Tribute to Smith Bagley (1935-2010) Son of Nancy Susan Reynolds and Trustee of the Z. Smith Reynolds Foundation for 50 Years

Nancy Susan Reynolds Awards
In Memoriam: Smith W. Bagley (1935-2010)
Advocate for Fairness and Justice

Smith Bagley was a Trustee of the Z. Smith Reynolds Foundation for 50 years - longer than anyone in its history - and was instrumental in developing the Foundation’s interest in social justice, strengthening democracy, and environmental advocacy. He helped create the Nancy Susan Reynolds Awards as a memorial to his mother, one of the founders of the Foundation and perhaps the most remarkable woman of 20th century American philanthropy. Smith died January 2, 2010.

He twice served as President of the Foundation, from 1971 to 1975 and from 1983 to 1987 He championed its work, most notably in the area of campaign finance reform, and challenged his fellow Trustees and staff to look for new ways to improve the lives of North Carolinians who were marginalized and underserved.

Smith was particularly interested in the Nancy Susan Reynolds Awards, named for his mother, who died in 1985. In announcing the creation of the awards in 1986 - the 50th anniversary of the Foundation - he noted that there were countless awards programs for recognized leaders but few if any for people working at the grassroots level who faced adversity and challenges in their daily lives. He thought big. He wanted the Nancy Susan Reynolds Awards to lift up the lives of North Carolina’s Mother Teresas and Bishop Tutus. Year after year, Smith Bagley beamed as he watched three remarkable but unassuming North Carolinians tell their stories and receive standing ovations for doing the kind of work he thought was most important to this state.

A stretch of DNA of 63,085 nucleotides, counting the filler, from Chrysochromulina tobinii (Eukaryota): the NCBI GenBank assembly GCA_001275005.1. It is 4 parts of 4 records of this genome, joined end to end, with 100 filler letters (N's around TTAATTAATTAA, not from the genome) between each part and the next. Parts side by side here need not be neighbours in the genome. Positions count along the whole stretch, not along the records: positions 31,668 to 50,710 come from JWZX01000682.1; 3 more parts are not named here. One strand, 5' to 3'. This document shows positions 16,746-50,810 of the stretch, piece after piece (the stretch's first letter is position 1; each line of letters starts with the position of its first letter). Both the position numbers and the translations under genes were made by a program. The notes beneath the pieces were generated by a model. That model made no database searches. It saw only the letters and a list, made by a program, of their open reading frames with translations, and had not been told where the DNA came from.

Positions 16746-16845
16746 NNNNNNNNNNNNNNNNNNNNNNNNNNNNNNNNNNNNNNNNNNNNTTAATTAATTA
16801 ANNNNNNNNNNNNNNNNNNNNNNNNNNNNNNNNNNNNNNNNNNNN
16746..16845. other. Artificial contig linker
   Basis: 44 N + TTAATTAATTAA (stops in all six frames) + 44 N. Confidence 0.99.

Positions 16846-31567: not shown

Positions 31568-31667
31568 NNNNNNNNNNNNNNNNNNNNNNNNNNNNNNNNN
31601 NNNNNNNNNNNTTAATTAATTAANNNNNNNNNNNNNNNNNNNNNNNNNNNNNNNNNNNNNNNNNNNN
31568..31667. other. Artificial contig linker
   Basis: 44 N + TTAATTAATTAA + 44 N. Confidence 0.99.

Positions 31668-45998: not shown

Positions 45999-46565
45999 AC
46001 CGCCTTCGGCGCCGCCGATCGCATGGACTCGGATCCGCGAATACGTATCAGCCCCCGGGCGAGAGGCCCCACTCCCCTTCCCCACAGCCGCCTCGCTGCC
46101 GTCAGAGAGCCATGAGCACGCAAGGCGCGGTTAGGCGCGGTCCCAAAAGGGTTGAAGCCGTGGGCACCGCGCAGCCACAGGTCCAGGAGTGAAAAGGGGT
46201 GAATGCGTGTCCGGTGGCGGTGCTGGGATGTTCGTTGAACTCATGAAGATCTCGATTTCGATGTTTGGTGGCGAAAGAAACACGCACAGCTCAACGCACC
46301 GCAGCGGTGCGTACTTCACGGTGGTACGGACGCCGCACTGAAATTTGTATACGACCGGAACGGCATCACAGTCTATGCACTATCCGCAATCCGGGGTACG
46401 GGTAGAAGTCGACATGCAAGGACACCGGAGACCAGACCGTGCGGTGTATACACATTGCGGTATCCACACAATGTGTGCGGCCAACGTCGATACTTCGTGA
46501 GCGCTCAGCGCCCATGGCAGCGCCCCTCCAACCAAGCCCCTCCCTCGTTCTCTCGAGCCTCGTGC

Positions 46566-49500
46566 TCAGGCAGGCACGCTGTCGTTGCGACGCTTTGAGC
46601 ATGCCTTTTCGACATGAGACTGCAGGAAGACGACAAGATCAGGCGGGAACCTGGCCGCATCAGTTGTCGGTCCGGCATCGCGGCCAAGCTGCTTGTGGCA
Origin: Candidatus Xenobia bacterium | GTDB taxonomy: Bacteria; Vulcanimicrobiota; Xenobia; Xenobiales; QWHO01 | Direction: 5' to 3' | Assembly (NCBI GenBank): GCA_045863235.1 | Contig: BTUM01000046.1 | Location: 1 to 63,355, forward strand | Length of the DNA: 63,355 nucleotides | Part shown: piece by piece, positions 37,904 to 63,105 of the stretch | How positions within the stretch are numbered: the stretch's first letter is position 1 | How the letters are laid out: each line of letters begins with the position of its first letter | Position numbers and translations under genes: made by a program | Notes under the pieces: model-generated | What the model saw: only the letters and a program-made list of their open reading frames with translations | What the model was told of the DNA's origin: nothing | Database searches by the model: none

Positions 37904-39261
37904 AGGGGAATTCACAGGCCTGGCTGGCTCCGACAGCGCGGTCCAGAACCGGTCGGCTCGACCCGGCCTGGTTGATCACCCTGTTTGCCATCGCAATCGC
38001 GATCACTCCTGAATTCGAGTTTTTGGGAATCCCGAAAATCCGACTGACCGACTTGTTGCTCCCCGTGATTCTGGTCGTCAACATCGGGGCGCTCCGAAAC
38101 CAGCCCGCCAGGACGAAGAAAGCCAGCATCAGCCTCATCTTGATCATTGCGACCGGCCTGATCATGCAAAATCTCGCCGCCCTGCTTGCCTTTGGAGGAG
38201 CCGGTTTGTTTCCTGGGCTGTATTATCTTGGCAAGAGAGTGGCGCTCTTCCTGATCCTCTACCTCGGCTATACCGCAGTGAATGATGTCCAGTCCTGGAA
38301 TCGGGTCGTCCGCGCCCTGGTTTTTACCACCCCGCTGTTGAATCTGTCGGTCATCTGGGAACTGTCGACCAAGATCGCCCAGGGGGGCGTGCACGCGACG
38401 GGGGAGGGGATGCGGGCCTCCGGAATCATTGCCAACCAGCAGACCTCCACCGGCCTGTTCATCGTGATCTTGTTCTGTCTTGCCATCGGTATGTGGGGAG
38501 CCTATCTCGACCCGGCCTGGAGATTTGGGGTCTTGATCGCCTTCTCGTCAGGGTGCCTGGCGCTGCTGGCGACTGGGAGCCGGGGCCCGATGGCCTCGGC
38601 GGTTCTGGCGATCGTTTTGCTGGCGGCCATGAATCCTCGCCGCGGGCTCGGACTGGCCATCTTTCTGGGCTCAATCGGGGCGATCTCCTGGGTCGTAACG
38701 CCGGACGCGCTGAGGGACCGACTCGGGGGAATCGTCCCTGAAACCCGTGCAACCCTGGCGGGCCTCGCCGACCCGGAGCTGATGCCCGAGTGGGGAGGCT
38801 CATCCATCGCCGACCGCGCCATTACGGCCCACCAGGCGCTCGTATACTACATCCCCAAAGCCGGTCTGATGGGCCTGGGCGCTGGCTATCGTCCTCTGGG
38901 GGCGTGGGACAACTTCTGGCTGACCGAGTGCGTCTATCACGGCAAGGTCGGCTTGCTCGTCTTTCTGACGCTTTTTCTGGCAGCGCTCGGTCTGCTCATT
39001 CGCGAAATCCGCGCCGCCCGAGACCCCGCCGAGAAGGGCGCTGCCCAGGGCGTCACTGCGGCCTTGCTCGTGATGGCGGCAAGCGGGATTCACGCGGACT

Smith was also one of the nation's leading philanthropists and political activists, beginning in the 1960s. He was proudly progressive and was a stalwart of the Democratic Party regardless of the political season, sharing his ideas and financial resources with causes and candidates from Presidents to city councilmembers.

Smith remained interested in and committed to the work of the Foundation until his death. The Foundation is indebted to him for his vision and leadership and unflagging commitment to use its resources to advance justice and fairness and improve the lives of men, women, and children across North Carolina.